Making life better and more affordable for British Columbians, while building a strong economy, was at the core of government work inside and outside the Parliament Buildings this spring.
“Our government is continuing to make choices that put people first, every single day,” said Premier John Horgan as the house rose for the end of session. “We’ve been tackling the housing crisis, providing more affordable child care, and making sure quality public services like health care and education are available in every community, and it’s starting to yield results for people.”
Making life more affordable for people remained a key focus in the spring session. Government passed legislation that included the final steps in eliminating MSP fees, eliminated interest on B.C. student loans, extended the ferry fare freeze and discounts, and lowered or eliminated Fair Pharmacare deductibles for 240,000 families in B.C. The new Child Opportunity Benefit, introduced in Budget 2019, will soon save families up to $1,600 per year for one child, $2,600 per year for two children and as much as $3,400 per year for three children. Parents are already saving up to $15,000 per child, per year, through the Affordable Child Care Benefit, introduced in 2018. The Province has also funded more than 4,900 new licensed child care spaces, with more coming.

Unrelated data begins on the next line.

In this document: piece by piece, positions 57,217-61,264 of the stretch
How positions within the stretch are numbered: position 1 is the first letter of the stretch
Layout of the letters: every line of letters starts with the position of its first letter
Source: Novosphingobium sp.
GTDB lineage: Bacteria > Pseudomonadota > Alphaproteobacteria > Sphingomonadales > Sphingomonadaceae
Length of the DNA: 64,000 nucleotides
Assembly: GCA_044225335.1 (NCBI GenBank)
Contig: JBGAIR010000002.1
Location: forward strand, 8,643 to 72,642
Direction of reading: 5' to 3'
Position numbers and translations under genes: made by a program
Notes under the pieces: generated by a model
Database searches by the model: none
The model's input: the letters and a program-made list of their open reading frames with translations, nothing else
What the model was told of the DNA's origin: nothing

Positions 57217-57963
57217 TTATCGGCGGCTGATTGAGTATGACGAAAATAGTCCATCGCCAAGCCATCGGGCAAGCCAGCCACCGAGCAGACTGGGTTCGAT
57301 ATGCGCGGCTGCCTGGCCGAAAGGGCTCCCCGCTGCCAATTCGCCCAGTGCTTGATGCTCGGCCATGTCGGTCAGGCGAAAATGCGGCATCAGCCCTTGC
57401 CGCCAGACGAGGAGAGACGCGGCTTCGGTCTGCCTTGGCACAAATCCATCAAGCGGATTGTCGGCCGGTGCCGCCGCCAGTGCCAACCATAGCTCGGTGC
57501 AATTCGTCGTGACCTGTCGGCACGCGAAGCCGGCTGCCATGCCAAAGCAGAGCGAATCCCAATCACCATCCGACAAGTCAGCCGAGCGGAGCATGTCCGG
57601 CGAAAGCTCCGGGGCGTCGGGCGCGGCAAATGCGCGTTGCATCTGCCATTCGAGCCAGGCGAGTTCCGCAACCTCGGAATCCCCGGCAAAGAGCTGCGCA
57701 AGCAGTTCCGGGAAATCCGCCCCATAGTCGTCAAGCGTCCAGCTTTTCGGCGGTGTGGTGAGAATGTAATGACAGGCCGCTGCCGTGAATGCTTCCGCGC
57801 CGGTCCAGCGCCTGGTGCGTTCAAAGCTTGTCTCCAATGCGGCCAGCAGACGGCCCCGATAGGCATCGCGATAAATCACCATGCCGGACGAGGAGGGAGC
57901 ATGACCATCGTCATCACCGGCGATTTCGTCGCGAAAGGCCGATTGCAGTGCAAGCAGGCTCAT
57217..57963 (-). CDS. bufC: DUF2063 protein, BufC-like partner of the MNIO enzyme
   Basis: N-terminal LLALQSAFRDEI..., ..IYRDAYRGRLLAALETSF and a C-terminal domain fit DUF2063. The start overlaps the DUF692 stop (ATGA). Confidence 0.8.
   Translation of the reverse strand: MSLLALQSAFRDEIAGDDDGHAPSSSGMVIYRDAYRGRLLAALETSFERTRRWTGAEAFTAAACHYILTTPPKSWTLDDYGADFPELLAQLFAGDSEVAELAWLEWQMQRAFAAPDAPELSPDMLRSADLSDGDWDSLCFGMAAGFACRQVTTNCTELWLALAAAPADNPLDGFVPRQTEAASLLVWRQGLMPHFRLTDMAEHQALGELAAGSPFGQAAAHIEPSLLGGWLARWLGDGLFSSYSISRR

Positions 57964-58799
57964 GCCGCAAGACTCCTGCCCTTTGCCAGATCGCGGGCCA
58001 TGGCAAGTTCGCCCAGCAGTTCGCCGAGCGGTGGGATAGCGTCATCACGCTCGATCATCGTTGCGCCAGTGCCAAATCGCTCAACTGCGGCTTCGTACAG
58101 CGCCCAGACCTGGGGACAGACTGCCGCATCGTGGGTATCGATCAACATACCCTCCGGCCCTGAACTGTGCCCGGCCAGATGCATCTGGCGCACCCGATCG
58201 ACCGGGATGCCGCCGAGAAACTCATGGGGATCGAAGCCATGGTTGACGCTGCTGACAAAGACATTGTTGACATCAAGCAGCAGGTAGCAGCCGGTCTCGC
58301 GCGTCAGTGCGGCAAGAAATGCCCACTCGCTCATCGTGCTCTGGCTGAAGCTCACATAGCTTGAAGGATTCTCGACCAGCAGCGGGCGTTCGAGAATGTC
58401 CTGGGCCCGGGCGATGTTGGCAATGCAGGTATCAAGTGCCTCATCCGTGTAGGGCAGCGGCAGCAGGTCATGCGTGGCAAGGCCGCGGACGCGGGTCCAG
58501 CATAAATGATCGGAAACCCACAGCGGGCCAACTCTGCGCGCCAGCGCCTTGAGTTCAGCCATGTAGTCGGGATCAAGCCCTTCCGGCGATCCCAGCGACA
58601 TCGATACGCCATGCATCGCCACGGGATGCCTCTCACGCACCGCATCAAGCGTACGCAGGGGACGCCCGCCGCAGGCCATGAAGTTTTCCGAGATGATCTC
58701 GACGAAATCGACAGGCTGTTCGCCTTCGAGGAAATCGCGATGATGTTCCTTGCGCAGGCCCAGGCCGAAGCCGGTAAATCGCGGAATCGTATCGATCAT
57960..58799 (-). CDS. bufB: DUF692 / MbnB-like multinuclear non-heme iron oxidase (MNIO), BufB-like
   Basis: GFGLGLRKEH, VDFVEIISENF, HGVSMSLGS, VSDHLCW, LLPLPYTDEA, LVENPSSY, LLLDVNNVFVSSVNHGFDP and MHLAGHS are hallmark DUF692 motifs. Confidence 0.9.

The Province continued to tackle the housing crisis in B.C. by increasing supply, curbing demand and cracking down on fraud in real estate. Government is working quickly to build affordable housing around the province, with 20,000 new homes completed or underway in nearly 80 communities and a planned total of 114,000 homes built over 10 years. This includes 1,750 affordable housing units to support Indigenous peoples, including provincially funded housing on-reserve for the first time in Canada. To help renters, government lowered the annual allowable rent increase, established a provincewide rent bank and will phase in other recommendations by the Rental Housing Task Force to protect and enforce the rights of renters.
When an independent report by the Expert Panel on Money Laundering in Real Estate revealed more than $7 billion in dirty money was laundered in B.C. in 2018, government launched a public inquiry to examine the full scope and effects of money laundering in B.C. The inquiry will help government identify better protections to shut out money laundering and keep the economy strong and working for people, not organized crime.
Government continues to invest in people by improving the services they count on. To make schools safer and to improve learning environments, government is creating 5,500 new student spaces, 51 new playgrounds and is hiring more than 4,000 new teachers. To keep people and goods moving, government restored ferry service on 2,700 round trips that were cut in 2014 and began major infrastructure projects that include reducing congestion in the Lower Mainland as well as cutting commute times in Victoria.
To provide better, faster health care to people around the province, government is spending $1.3 billion over three years for more doctors, nurses, hospitals and primary care centres. Increased access to diagnostics has already resulted in 44,000 more MRIs this year than last. Seniors are getting better care through the investment of $5.3 million to increase staffing levels. To create opportunities for new drug listings and boost existing coverage for patients, government announced earlier this week that B.C. will be the first province in the country to expand the use of biosimilar medications.